This unit introduces cadets to basic leadership concepts to include principles, values, supervision, and decision-making. Cadets will be given the opportunity to demonstrate their leadership potential through the applications of these concepts in their leadership positions. Ever student enrolled in JROTC will be entrusted with the responsibility to lead at some point in his/her affiliation with the Grey Hound Battalion. Fundamentals of leadership are taught initially thru Drill and Ceremony (Marching), which stresses self-discipline, teamwork, attention-to-detail, and military bearing. Cadets demonstrating a high degree of proficiency in this area will be selected to one of the OHSH Drill Teams, Color Guard, and/or Flag Details. These teams compete throughout the year against other JROTC programs and perform in ceremonies throughout the Gulf Coast.

Foundation for Success

This unit provides the essential skills cadets will need to maximize learning potential and future successes. They will assess current skill sets and work to develop their maximum potential. Cadets will apply learning theory and techniques to improve study, communication, teaching, and planning skills. Social responsibilities conflict resolution and service learning opportunities provides further cadet development.

Wellness, Fitness, and First-Aid

This subject area develops cadet’s appreciation for the importance of physical fitness in maintaining good health and appearance. This unit will also explain basic information about nutrients and how to obtain them, how to select the proper fords to ensure good diets, how to control fat, and information on several common eating disorders. It will give cadets the opportunity to demonstrate proficiency in basic first aid/life-saving skills. It also enhances the cadet’s awareness of substance abuse and prevention. Lastly, physical training will generally be conducted weekly (at a minimum) for all cadets.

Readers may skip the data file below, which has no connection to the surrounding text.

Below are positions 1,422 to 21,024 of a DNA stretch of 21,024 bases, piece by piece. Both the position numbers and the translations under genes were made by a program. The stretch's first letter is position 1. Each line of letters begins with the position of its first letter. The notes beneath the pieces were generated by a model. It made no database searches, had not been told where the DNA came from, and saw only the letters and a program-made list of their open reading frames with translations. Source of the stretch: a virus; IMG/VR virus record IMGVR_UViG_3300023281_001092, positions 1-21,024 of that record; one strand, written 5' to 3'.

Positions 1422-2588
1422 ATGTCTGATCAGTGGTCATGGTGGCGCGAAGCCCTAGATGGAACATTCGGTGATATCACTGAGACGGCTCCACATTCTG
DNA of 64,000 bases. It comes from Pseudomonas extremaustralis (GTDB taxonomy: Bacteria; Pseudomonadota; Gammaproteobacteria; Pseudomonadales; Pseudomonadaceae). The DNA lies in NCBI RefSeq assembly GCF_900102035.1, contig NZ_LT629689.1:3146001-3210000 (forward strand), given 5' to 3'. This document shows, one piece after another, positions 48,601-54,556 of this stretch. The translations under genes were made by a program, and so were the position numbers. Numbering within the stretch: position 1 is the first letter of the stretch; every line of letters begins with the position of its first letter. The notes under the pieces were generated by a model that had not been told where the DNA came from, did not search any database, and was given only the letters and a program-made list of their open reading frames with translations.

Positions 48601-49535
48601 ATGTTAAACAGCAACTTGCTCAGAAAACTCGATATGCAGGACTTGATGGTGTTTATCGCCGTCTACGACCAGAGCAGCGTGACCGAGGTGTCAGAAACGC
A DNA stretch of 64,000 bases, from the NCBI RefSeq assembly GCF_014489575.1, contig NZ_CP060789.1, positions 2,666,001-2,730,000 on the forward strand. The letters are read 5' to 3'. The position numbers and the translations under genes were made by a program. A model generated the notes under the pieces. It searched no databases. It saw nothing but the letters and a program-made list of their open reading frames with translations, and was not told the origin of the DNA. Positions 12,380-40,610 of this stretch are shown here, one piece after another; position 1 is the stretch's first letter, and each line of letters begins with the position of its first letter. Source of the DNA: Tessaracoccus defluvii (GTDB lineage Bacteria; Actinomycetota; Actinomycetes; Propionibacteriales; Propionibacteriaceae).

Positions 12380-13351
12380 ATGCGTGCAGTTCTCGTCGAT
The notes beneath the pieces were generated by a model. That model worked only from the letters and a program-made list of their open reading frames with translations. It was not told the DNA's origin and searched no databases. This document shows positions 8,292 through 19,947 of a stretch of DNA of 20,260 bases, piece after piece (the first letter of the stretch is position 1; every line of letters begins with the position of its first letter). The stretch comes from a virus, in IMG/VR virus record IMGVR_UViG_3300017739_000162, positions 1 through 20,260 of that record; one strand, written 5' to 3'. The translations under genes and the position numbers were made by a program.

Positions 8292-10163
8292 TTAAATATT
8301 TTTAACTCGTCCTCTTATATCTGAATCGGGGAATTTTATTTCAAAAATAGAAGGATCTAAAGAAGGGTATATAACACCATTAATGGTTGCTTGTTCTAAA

Geography, map skills, and environmental Awareness

Cadets will be taught local, national, and global locales of interest with regard to current events. Map reading, land navigation, and recognition of basic terrain features will be taught via a combination of classroom and hands-on application. JROTC also reinforces and protection of the environment and cadets will participate in service projects that support this theme.

Citizenship in American History and Government

Provides an introduction to government and civic responsibilities of citizens.  The history section focuses on civic responsibilities and military history and addresses reasons for wars and battles.  This unit builds cadets basic skills and interest for participation in civic and political life.  Cadets actively engage in the We The People curriculum to explore the origins, structure, rights, and responsibilities of the American constitutional government.  The unit is designed to actively engage cadets in applying problem solving strategies to current political and social issues.